Richard Bresnahan has operated the Saint John’s Pottery, located on the campus of Saint John’s University in central Minnesota, since 1980. He graduated from Saint John’s in 1976, having studied under potter Bill Smith and the renowned scholar of Japanese ceramics, Johanna Becker, OSB. He spent his final year of college, and three years after that, in Japan as an apprentice to Nakazato Takashi, a thirteenth generation scion of a pottery making family. In the Japanese tradition, Richard produces woodfired pottery from locally excavated clay, some of which bears glazes also formulated from local materials. Deeply influenced by the intergeneration teaching traditions of Pacific Rim countries, Richard has trained scores of apprentices in the last thirty years. While at Saint John’s, Richard has constructed two climbing kilns (noborigama), the second of which is the largest of its type in North America with an interior capacity of 1,600 cubic feet.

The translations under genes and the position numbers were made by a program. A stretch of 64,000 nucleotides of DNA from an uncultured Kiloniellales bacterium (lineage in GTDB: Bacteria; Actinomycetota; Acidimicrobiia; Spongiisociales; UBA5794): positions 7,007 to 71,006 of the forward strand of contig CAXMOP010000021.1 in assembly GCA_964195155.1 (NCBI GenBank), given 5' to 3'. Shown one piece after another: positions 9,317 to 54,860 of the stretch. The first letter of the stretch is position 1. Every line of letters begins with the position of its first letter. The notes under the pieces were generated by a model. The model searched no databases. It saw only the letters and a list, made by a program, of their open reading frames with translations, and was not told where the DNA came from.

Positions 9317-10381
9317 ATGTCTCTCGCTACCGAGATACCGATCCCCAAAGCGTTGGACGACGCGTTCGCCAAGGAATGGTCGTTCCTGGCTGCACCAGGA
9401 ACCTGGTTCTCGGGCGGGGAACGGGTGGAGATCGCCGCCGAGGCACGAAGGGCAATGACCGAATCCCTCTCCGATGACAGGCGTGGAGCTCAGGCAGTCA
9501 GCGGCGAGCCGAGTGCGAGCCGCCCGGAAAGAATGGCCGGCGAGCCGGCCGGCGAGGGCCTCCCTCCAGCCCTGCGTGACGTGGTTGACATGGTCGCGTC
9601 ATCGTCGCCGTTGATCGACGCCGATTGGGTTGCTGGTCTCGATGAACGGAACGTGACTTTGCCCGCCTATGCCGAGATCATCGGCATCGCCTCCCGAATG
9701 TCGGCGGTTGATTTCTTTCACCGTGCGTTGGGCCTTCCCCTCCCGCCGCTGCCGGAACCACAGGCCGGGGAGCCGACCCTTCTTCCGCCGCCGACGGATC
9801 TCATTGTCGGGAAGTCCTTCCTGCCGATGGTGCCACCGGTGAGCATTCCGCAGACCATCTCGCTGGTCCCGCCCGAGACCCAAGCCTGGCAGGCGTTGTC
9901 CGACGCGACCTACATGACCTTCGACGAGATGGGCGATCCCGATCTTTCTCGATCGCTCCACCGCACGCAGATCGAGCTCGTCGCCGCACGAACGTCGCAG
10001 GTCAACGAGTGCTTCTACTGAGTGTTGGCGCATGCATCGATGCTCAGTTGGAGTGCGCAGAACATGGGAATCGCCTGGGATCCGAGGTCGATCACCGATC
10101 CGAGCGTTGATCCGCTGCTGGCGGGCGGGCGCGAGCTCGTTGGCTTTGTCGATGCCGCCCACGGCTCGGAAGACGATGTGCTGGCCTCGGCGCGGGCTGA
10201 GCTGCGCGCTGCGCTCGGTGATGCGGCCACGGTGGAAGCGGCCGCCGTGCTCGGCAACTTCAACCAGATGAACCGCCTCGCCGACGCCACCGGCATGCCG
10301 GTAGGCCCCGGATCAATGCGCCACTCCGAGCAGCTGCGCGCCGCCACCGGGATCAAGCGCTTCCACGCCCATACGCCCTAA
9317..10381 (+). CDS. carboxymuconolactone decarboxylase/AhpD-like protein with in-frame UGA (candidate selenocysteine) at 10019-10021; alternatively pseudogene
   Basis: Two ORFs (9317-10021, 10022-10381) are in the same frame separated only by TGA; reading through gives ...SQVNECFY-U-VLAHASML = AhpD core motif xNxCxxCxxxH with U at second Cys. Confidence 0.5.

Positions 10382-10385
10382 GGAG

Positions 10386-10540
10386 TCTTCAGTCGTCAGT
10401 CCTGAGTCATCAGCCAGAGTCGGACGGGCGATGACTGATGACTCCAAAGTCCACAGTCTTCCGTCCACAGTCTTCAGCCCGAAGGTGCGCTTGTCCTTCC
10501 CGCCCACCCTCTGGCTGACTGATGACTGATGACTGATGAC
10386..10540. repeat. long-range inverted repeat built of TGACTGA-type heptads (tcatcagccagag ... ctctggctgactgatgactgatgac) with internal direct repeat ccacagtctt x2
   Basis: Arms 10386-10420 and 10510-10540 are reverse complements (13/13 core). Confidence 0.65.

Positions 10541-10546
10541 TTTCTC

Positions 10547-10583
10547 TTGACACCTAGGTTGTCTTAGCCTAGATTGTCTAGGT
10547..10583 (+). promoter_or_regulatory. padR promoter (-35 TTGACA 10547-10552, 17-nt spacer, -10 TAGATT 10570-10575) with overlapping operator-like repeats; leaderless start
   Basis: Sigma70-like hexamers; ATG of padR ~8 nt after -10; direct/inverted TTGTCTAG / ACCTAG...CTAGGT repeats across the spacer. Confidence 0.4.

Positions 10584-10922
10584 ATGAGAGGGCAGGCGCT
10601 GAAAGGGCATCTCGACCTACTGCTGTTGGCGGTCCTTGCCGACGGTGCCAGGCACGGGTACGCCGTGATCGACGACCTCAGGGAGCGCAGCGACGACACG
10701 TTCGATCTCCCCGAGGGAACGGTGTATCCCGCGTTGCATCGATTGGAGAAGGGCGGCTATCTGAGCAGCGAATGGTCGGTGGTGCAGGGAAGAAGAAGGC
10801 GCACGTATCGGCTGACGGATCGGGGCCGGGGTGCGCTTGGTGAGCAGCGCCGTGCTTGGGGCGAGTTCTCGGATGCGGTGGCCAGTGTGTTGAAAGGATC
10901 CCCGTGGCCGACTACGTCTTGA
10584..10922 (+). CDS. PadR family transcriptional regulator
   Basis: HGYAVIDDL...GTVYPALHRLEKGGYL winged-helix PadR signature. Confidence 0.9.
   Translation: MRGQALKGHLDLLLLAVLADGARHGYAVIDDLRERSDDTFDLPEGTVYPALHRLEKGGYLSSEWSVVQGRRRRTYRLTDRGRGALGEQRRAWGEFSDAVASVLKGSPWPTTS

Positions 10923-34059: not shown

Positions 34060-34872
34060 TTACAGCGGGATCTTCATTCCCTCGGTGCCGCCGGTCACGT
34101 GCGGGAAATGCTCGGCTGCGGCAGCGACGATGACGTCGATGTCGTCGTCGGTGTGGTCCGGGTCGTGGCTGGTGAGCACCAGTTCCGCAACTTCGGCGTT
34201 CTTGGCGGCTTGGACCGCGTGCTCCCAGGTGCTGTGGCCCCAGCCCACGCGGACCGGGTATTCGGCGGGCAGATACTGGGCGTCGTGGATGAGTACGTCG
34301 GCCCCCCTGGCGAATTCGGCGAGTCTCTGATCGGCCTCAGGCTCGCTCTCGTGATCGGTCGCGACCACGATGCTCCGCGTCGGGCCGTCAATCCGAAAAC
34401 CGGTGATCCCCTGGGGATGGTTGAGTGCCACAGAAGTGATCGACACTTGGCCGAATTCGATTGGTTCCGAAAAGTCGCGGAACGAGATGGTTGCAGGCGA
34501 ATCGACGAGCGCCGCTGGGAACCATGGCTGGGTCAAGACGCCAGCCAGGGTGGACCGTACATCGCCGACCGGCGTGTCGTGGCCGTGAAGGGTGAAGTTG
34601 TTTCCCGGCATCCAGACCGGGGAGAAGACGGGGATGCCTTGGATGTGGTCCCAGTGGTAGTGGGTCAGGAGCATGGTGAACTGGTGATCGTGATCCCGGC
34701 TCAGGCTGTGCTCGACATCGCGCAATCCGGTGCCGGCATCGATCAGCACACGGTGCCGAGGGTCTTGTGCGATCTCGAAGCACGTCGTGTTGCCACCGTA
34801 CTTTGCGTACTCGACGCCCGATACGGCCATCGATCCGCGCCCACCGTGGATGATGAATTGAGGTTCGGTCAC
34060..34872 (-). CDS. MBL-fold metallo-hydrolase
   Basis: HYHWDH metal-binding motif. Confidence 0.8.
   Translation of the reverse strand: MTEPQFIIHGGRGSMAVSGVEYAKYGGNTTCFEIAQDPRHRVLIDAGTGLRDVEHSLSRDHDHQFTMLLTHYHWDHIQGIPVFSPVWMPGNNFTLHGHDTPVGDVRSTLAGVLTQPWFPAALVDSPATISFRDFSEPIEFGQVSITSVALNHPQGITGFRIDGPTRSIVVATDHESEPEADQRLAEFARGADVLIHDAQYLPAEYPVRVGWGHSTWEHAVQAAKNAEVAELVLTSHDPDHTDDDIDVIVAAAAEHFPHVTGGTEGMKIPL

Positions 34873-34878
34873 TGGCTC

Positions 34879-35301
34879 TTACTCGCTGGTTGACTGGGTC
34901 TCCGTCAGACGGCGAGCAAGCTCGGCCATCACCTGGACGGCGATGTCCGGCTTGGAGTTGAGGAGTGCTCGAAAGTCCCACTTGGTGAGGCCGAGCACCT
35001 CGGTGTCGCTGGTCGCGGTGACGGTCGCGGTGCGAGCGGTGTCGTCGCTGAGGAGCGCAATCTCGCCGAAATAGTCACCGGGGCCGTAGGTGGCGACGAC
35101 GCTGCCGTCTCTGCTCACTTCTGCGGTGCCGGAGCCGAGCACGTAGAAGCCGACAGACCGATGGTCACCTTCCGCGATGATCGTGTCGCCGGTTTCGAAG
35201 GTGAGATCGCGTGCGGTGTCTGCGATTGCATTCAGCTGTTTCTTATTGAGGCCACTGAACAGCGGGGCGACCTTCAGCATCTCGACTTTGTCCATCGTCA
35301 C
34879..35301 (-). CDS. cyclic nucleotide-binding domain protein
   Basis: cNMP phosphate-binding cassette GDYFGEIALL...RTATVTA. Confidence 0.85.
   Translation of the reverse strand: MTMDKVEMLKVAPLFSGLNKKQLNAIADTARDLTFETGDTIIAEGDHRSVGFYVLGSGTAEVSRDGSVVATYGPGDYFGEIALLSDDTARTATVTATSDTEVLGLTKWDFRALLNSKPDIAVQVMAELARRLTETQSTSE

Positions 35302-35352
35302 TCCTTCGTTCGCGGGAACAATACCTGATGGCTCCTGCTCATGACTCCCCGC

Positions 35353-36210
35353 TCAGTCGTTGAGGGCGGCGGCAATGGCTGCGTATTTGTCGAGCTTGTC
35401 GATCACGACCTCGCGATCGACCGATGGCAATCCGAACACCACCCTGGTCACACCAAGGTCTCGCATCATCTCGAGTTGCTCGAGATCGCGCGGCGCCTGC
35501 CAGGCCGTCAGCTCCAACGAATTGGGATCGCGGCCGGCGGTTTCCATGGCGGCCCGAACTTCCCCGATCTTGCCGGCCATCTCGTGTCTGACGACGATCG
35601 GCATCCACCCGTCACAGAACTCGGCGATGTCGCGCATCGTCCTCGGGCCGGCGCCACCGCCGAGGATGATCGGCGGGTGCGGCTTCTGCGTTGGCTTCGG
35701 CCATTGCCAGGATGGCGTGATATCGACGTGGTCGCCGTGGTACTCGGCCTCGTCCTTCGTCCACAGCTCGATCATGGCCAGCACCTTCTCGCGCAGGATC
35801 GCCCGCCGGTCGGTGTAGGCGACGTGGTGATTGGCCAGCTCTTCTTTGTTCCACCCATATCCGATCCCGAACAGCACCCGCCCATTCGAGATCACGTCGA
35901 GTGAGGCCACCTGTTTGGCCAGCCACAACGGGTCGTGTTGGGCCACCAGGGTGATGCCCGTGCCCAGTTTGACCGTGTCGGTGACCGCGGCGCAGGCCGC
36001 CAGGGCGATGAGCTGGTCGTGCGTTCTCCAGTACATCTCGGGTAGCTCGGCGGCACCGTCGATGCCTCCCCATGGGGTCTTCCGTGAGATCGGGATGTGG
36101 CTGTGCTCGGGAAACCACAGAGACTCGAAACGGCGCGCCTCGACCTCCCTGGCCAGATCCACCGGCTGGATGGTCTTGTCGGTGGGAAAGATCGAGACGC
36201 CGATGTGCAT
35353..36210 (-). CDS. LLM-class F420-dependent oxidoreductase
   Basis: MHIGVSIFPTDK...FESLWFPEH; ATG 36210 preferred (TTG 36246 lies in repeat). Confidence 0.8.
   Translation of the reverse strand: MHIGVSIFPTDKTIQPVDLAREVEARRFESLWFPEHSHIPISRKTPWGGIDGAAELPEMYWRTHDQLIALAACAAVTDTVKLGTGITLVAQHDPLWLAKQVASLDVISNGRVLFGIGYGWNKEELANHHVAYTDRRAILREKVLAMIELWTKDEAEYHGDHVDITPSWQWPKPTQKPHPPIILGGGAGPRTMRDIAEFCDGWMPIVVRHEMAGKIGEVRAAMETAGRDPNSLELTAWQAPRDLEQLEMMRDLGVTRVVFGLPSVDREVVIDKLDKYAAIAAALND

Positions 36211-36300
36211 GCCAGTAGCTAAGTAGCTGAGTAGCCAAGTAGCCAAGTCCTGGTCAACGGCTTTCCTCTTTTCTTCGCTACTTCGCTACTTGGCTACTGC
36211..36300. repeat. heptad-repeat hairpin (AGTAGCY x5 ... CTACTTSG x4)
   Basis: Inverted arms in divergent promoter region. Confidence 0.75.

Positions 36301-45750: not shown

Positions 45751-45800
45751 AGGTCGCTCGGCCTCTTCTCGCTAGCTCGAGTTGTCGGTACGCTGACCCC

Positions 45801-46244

Deep respect for material and the environment characterize Richard’s approach to pottery production, and innovation and experimentation inform his ongoing dialogue with clay and fire. Throughout his career, he has consistently challenged himself to undertake new firing techniques, to test potential glaze materials, and to devise new and uniquely functional ceramic shapes. The powerful and dynamic pottery that he produces embodies both the nature of his locality—through the use of local materials—and his own inimitably Midwestern artistic vision.
Dr. Matthew Welch
Curator, Stoked: Five Artists of Fire and Clay
Saint John’s University, Collegeville, MN; 2010